By Nick Clay, National Residential Landlords Association (NRLA)
The Lettings Industry Council (TLIC) report Beyond Section 21 reviews reforms to the court and bailiff process, along with strengthening section 8 grounds and using mediation and the potential for these reforms to benefit landlords and tenants.
It is possible to quantify these benefits, and also acknowledge further benefits which add to the case for introducing reforms. The use of project appraisal techniques can demonstrate the net benefits of the approach proposed by TLIC.
This blog post briefly introduces some of the elements which can be modelled in a Cost-Benefit analysis of the proposal.
Net benefits of the proposal
There are four main benefits to these proposals:
Firstly, the legal costs saved through implementing the reforms. The more cases are resolved through mediation the greater the benefits to landlords and tenants. Mediation offers a much cheaper route to justice and conflict resolution.
Legal costs are not just solicitor and barrister fees. Court time and administration also add to costs. These are a financial and time cost. There is also an opportunity cost saving as courts and administrators time are no longer filled with housing claims and resolution. Freeing up courts enables capacity to address case backlogs in other legal areas.
Swifter resolution of disputes is also beneficial to the broader housing market. Where a landlord is better able to take possession where they are entitled to do so, this benefits not just landlords but tenants too. Swifter resolution to possession claims means tenants benefit from a better functioning private rental market.
With the implementation of these reforms, landlords would be able to take possession and place property back on the rental market more quickly. They would therefore benefit from the rental income they presently lose from court delays and an under supply of bailiffs.
The quicker resumption of rental payments with existing tenants as a result of mediation also benefits the rental market more generally – it provides assurance to the supply side of the rental market.
Outside the scope of the report are a range of wider, societal benefits which extend beyond participants and wider stakeholders in the private rental sector. These benefits are an aggregate of several economic impacts which emerge as a consequence of the move to a new approach to housing justice.
New infrastructure is required – to house both court facilities and administrators. There is also the need to provide necessary digital infrastructure which adds to total investment.
This investment yields a range of construction and supply chain benefits. Construction benefits are often relatively small. But the legacy of this investment would be a local expansion of highly skilled, well paid jobs across a range of legal and administrative occupations. All of these have positive benefits on a local area – and these benefits become still bigger through so-called multiplier effects.
One example: The spending of the wages by those employed in these jobs support yet more local jobs and so on. The spending of visitors to the Housing Court raises induced spending in the local economy - and so the economic benefits continue.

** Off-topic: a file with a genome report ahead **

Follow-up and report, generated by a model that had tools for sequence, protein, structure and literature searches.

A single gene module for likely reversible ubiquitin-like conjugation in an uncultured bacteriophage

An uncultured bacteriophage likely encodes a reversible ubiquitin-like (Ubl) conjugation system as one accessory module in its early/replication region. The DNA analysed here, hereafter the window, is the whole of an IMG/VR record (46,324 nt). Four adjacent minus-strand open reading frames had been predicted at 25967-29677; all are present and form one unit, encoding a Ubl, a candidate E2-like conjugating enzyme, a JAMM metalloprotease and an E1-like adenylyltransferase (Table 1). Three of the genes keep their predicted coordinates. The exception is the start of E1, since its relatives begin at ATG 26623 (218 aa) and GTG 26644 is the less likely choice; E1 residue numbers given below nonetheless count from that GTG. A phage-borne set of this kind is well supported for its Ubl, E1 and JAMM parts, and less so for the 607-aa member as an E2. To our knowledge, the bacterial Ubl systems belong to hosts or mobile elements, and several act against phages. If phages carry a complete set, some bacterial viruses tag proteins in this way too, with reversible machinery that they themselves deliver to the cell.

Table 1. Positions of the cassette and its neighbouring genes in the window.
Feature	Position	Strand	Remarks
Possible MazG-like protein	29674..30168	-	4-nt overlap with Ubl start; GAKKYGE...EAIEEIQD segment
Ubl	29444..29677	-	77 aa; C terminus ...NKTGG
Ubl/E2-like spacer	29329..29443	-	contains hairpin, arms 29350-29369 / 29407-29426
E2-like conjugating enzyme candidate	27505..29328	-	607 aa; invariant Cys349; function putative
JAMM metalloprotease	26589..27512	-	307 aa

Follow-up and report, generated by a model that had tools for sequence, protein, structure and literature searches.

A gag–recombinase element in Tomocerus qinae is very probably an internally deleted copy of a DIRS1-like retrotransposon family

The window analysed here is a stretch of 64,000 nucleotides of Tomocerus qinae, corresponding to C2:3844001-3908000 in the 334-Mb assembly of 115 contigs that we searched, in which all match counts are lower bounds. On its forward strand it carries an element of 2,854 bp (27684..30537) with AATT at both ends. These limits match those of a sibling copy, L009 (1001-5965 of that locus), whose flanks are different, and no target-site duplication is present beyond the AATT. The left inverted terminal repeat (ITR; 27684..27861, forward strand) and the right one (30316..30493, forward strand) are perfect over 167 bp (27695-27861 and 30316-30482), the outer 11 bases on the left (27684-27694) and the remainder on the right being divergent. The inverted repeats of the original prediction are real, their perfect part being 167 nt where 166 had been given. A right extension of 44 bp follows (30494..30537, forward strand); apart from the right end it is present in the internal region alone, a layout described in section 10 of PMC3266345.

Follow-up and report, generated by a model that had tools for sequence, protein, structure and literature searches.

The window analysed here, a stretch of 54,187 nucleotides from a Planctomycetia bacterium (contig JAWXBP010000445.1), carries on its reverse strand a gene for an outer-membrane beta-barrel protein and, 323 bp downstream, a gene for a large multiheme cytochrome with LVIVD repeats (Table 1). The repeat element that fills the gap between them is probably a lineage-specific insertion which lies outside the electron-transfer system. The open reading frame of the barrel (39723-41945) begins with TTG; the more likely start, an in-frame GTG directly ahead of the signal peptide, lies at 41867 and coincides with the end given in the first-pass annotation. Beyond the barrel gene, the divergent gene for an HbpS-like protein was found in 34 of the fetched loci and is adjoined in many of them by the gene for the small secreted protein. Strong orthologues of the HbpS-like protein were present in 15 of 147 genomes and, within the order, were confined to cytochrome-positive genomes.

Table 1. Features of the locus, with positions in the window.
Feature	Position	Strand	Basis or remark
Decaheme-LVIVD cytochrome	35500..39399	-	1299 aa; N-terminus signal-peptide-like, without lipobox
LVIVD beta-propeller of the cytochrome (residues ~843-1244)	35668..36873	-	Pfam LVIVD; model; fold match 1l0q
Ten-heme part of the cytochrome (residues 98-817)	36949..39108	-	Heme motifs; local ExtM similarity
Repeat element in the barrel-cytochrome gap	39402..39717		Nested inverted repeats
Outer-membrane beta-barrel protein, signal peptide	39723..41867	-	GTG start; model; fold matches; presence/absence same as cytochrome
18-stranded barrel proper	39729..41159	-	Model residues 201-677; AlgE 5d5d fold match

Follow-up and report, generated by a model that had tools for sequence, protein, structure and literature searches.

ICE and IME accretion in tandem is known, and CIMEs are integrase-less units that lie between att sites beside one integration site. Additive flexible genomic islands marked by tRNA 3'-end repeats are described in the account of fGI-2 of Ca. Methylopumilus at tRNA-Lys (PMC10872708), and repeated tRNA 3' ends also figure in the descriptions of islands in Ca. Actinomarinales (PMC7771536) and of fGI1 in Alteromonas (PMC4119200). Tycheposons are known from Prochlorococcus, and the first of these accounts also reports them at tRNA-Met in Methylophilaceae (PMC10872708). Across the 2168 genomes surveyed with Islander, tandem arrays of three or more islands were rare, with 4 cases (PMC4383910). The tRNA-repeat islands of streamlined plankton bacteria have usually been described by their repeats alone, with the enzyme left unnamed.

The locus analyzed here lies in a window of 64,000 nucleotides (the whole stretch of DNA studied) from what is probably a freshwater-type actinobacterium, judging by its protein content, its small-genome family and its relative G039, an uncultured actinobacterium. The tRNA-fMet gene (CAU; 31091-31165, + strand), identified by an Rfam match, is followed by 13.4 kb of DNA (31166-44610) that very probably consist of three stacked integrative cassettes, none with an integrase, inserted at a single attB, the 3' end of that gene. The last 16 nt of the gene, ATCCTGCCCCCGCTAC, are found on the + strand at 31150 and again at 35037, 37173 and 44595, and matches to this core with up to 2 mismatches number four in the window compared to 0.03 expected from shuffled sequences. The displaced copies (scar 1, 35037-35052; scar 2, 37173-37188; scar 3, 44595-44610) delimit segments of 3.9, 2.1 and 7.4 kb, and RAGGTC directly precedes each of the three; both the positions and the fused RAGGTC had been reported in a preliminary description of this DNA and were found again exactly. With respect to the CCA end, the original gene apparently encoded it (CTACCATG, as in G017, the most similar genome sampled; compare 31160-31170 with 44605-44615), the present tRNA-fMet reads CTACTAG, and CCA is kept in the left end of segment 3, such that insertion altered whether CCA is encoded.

The geographic location of these new facilities can be chosen to maximise the local impact of these Wider Economic Benefits (WEBs). In larger conurbations the net wider benefits will be small in the context of the large economies. In smaller cities or larger towns these impacts will be more beneficial.
These benefits can be further leveraged through using the local Housing Court as a centrepiece of a wider regeneration initiative. Court square regeneration projects and wider ‘civic quarter’ schemes are typical examples of how investment in local legal and court facilities stimulate wider business, leisure and retail investment in a physical town centre location.
All of the above are quantifiable but there are also other local societal benefits which emerge as a consequence of a better functioning PRS. Many of these are less easily measurable.
For example, the assurance a better functioning system of legal redress brings would raise the willingness of landlords to let at LHA rates. Changes thus enable the PRS to play a greater role in local housing & homelessness policies. In turn, improved housing options leads to enhanced outcomes across a range of employment, health and neighbourhood-based measures.
Beyond Section 21 sets out how the PRS can benefit from a set of justice reforms which represent improvements to the present system. This is a system which was already creaking before the Covid-19 pandemic.
The NRLA have used the very basic set of assumptions of costs and benefits associated with the revised model as the basis for a cost-benefit analysis. On this basis the NRLA have estimated net benefits could be worth a total £360m+ (on an NPV basis) up until 2049. This does not include wider economic benefits (WEBs) nor the societal benefits which will be local and scheme dependent. Even without including these wider benefits, the NRLA calculation is a not inconsiderable return on modest outlay.
Finally, it is also important to note that the approach on which this modelling is based has made a modest change to the profile of capital expenditure: If the capital investment is ‘front loaded’ – which is a not unreasonable assumption – the model outlined in Beyond Section 21 becomes an ideal catalyst to help “build, build, build” the economy out of recession.